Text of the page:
Thursday, October 23, 2014

Thoughts on Listening to Peter Schiff

Peter Schiff spoke today at a conference I am attending. I have heard him before, and also have read his recent book, so it is not as though he said anything that startled me -- but he did get me thinking.

His main point was simple: the Fed has a tiger by the tail, and cannot let it loose without disastrous consequences for America and for the world. The Fed has reached this point because it unwisely chose, back in 2008, to use its power to print money out of thin air to prevent the collapse and bankruptcy of America's biggest financial institutions.

The Fed bailed out those institutions by purchasing their worthless mortgage-backed securities and other derivative instruments. This put worthless paper on the asset side of the Fed's balance sheet, but allowed the financial institutions to show actual Federal Reserve notes as assets in that paper's place. The Fed could withstand the deterioration of its balance sheet because it is the Fed -- with an unlimited checking account, it literally can never go broke, no matter how worthless are its assets.

From buying worthless paper to buying Treasury bills and notes was a simple next step, once the Government started spending more money on bailouts than it was taking in from taxpayers. The Fed's then President, Ben Bernanke, called this "quantitative easing", or "QE" for short, but in reality that was just a circumlocution for "printing money." When the Fed buys T-bills directly from the Treasury (instead of going through the usual bond brokers), for example, here's how it works.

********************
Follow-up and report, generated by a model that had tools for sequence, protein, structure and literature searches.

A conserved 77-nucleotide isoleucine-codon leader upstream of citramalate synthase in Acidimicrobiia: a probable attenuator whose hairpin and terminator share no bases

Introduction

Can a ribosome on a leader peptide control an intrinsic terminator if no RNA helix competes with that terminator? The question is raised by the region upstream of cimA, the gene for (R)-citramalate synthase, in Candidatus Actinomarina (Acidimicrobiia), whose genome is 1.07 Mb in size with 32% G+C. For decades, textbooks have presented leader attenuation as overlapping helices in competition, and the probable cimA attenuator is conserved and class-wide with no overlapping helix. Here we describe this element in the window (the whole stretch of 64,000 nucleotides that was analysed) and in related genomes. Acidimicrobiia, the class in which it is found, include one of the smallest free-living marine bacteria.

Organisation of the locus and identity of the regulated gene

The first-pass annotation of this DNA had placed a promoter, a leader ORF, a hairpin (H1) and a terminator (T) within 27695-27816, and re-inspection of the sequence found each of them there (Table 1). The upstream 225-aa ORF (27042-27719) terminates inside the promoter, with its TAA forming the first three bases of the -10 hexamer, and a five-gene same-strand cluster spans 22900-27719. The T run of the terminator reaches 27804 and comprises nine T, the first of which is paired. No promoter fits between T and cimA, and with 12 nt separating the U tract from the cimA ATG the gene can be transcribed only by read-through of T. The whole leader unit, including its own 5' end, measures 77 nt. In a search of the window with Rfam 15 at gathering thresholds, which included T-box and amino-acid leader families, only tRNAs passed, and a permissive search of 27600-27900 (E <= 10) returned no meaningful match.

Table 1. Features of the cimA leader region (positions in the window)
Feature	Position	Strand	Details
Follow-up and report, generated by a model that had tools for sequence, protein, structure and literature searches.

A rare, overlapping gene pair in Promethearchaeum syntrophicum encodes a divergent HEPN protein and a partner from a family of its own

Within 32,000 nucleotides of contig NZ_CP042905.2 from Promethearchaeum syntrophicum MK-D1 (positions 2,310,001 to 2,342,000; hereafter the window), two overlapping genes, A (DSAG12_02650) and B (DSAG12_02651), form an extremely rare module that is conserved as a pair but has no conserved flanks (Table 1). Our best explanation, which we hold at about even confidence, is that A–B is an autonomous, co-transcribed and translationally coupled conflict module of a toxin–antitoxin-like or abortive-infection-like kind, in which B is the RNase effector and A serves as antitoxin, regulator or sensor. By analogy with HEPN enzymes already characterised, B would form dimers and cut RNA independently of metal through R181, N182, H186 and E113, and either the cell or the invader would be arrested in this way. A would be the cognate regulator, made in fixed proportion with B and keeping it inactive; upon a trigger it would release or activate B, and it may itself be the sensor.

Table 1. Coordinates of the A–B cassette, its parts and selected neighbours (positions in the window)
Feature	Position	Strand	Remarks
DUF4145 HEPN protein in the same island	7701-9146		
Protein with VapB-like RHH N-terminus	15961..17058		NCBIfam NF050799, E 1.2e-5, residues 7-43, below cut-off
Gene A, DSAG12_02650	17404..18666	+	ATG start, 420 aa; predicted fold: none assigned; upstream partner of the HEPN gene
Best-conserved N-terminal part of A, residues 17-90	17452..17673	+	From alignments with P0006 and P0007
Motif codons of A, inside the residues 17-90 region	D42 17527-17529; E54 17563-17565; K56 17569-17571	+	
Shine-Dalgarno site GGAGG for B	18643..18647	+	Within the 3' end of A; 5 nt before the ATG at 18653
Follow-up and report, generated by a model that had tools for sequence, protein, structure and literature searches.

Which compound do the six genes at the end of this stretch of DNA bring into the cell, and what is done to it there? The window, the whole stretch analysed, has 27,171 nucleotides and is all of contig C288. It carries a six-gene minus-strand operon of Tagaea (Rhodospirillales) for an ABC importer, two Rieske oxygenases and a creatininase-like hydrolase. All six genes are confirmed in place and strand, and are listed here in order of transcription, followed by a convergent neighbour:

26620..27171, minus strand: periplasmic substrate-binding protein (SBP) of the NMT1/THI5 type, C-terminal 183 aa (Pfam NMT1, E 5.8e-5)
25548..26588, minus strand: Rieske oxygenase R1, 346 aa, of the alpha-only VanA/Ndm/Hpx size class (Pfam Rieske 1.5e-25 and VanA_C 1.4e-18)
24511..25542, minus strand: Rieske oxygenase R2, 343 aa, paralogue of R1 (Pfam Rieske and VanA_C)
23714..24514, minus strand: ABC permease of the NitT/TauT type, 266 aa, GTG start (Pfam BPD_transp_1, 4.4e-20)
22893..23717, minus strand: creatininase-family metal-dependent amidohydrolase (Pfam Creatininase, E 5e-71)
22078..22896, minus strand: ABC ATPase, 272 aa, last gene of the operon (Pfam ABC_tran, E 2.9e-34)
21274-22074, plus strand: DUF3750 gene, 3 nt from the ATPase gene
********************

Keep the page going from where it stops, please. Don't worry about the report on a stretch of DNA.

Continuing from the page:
Every week, the Treasury auctions off a mixture of bills, notes and bonds (bills are short-term, bonds are long-term, and notes are in between) to meet the cash flow needs of the U.S. government. Normally what the Treasury has to offer is picked up by the bond market and by foreign governments (central banks) wishing to acquire dollar reserves.

But when the government runs a huge deficit, as it has during the latter Bush years and all of Obama's first and second terms, the Fed can step into the bond market to buy up any bills, notes or bonds that are not sold to dealers or central banks. By doing so, the Fed ensures that interest rates on the Treasury's borrowings remain stable in accordance with their maturity dates. (If, for example, the Treasury could not find a buyer for all of its long-term bonds at its offered rate of interest, it would have to raise the interest rate to find more buyers. But if the Fed steps in and buys what's left first, the Treasury does not have to offer higher rates -- it just pays the Fed the same rate it pays all the other buyers).

When the Fed buys, say, bonds from the U.S. Treasury, it simply credits the Treasury with cash from its bottomless checking account, and takes possession of the bonds. When the Treasury later buys back those bonds at maturity, as it must for every bond it issues, it has to pay the face amount of the bond plus the interest at the bond's stated rate. And to do so, it needs the required amount of cash in its accounts.